Photo at right: View from 727 approaching Managua for landing, August, 2001. John Abbott, Roy Beckemeyer, Nick Donnelly, Enrique Gonzalez-Soriano, and George Harp, all members of The Dragonfly Society of the Americas, visited Nicaragua to collect Odonata at the invitation of Jean-Michel Maes of the Museo Entomologia in Leon.
Right: A map of Nicaragua showing our trip in green (road from Managua to Wiwili). I have added in dark green the location of the village of Maleconcito and the mountain Cerro Kilambe. Click on the map to see a full-screen version.
The northern portion of Nicaragua near the Honduras border is mountainous and forested.
For additional maps showing the location of our collecting sites see the following PAGE OF ARC VIEW-GENERATED MAPS OF NICARAGUA.
Left: Enrique Gonzalez (Left) and John Abbott (Right) in the garden at the Best Western Las Mercedes Hotel in Managua.
Right: Jean-Michel Maes, our host in Nicaragua. Photo taken in the town of Matagalpa, on our trip to Wiwili and Cerro Kilambe.
Left to right: Javier Sunyer and Blas Hernandez (students at the University in Leon and assistants to Jean-Michel), Jean-Michel (back to camera), John (background, back to camera), Nick Donnelly and Maria Lourdes Chamorro (background, a Nicaraguan student at the University of Minnesota who is studying the Trichoptera of Nicaragua).
Packing our gear in plastic to keep it dry on the trip up the mountain. Photo taken in the village of Maleconcito. Left to right: Enrique (with net), John (white hat), Lourdes (bending over), Blas (back to camera), Jean-Michel, and George Harp (back to camera).
Our hired crew of Nicaraguan mule skinners loading the pack animals. Clothes, collecting gear, hammocks, plastic sheeting for tarps, food, generators and gasoline for running black lights (we had folks interested in collecting beetles, Trichoptera, Saturniidae and Sphingidae as well as Odonata), and the nine entomologists all went up the mountain by horse or mule. We had a total of about 20 pack animals.
George Harp ready to catch dragonflies from horseback. The fellow standing to George's left is Guatamala, who was renowned even among the rest of the Nicaraguan crew for his ability to haul great loads up onto his back and trot up the steep, muddy mountain trails with them. Note that this is not the trail - it is the road near Maleconcito. The trails were not this wide and were steeper.
A Megapodagrionidae damselfly, Heteragrion eboratum Donnelly, 1965, was described based on specimens from Guatamala. This male specimen was captured on the stream that flowed near our campsite on Cerro Kilambe. I had watched two males flying in circles around one another over a pool below a small cascade, and almost all one could see were the two spots of color - the white frons and the golden abdomen tip. One of the very first odonates caught as we began our trip up the mountain was another Megapodagrionid, Heteragrion albifrons.
Climbing the Cerro Kilambe trail in the rain. Enrique in his red slicker brightened up the scene. Photo taken by Roy Beckemeyer from muleback. As the rain fell and the day went on, the trail became quite treacherous, slick with clay and full of holes. The mules eventually became so tired that we ended up walking much of the time, slogging through the mud and up and down steep trails. The mules had ruined the trail in places, and one was sinking in sticky mud up to mid-calf or knee level at times. A very difficult bit of work for all of us. It was after dark before we all struggled into camp to set up our hammocks in the rain, washed the mud off in the stream, ate a meal of rice and beans and hot, sweet coffee, and collapsed into a well-deserved sleep interrupted only by occasional muscle cramps.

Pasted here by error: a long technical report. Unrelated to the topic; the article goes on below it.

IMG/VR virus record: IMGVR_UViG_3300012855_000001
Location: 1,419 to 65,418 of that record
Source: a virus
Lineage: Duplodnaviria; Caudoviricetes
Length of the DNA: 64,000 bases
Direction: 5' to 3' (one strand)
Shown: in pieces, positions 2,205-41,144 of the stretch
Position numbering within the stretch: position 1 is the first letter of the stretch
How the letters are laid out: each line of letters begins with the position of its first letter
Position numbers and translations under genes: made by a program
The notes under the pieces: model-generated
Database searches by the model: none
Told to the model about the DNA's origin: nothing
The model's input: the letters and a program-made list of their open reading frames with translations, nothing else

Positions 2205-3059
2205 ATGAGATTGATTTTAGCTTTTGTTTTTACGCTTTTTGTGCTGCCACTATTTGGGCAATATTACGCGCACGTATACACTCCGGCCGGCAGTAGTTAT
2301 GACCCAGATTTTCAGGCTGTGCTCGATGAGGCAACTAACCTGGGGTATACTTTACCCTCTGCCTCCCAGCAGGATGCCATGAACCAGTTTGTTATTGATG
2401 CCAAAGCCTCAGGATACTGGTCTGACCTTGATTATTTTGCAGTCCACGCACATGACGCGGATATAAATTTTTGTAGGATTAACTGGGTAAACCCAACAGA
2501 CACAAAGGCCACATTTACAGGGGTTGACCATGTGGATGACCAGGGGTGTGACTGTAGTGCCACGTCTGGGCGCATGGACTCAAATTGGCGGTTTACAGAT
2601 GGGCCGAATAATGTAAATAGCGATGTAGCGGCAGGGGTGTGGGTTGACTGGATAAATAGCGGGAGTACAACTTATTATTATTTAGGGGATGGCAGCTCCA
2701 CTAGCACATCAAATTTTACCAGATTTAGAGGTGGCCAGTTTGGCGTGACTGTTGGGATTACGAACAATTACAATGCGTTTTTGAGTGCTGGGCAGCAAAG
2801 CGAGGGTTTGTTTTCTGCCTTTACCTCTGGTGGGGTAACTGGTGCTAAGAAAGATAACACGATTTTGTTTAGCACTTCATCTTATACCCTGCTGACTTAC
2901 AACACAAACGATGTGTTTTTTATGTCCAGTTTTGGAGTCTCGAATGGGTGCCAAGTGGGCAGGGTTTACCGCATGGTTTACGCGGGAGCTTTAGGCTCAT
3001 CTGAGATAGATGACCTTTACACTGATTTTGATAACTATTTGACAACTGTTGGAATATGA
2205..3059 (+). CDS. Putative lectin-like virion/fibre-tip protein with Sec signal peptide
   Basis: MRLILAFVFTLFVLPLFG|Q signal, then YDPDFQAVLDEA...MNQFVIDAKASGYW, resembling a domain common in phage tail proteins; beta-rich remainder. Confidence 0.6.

Right: John Abbott (left) and Nick Donnelly (right) looking out on our rainy, muddy campsite. The plastic tarps are slung above hammocks and provide a nice, dry shelter from the rain. The ground under the hammock is covered with palm fronds to keep some of the mud out of one's sleeping area. Not a great deal of odonate diversity up here, but some really neat species, including a Paraphlebia species (Megapodagrionidae), Argia medullaris, and Epigomphus westfalli.
A female of the giant Pseudostigmatidae, Megaloprepus coerulatus. Our expedition took a total of three of this species and Enrique also took a Mecistogaster. These beasts are wonderful things to see in flight in the dark forest, with the bright tips of their wings nearly all you can see in the gloom. Below is a scanned image of the same specimen that is seen live in this photo.
Left - a view from the trail on Cerro Kilambe at about 1000 m elevation. August, 2001.
Below: A damselfly from the family Platystictidae: Palaemnema nathalia (female specimen). Taken from a stream about 6 km South of Wiwili. These damselflies perch quietly in shady root tangles along stream banks and are best caught by crawling into the vegetation and picking them off their perches with one's fingers. John Abbott, Roy Beckemeyer and Nick Donnelly spent 45 minutes or so working through a small area capturing specimens. It was tricky work, as every move seemed to end up shaking the entire tangle, causing the insects to move to another perch. Also took an owlfly (Ascalaphidae: Ululodes subripiens) from the same place.
Left - A damselfly from the most common genus of the family Coenagrionidae found in the Neotropics - Argia oenea. The brilliant red eyes and thorax of the males make this a memorable damselfly.
To Download Higher Resolution Scans of the Photos on this page click to this index: NICINDEX
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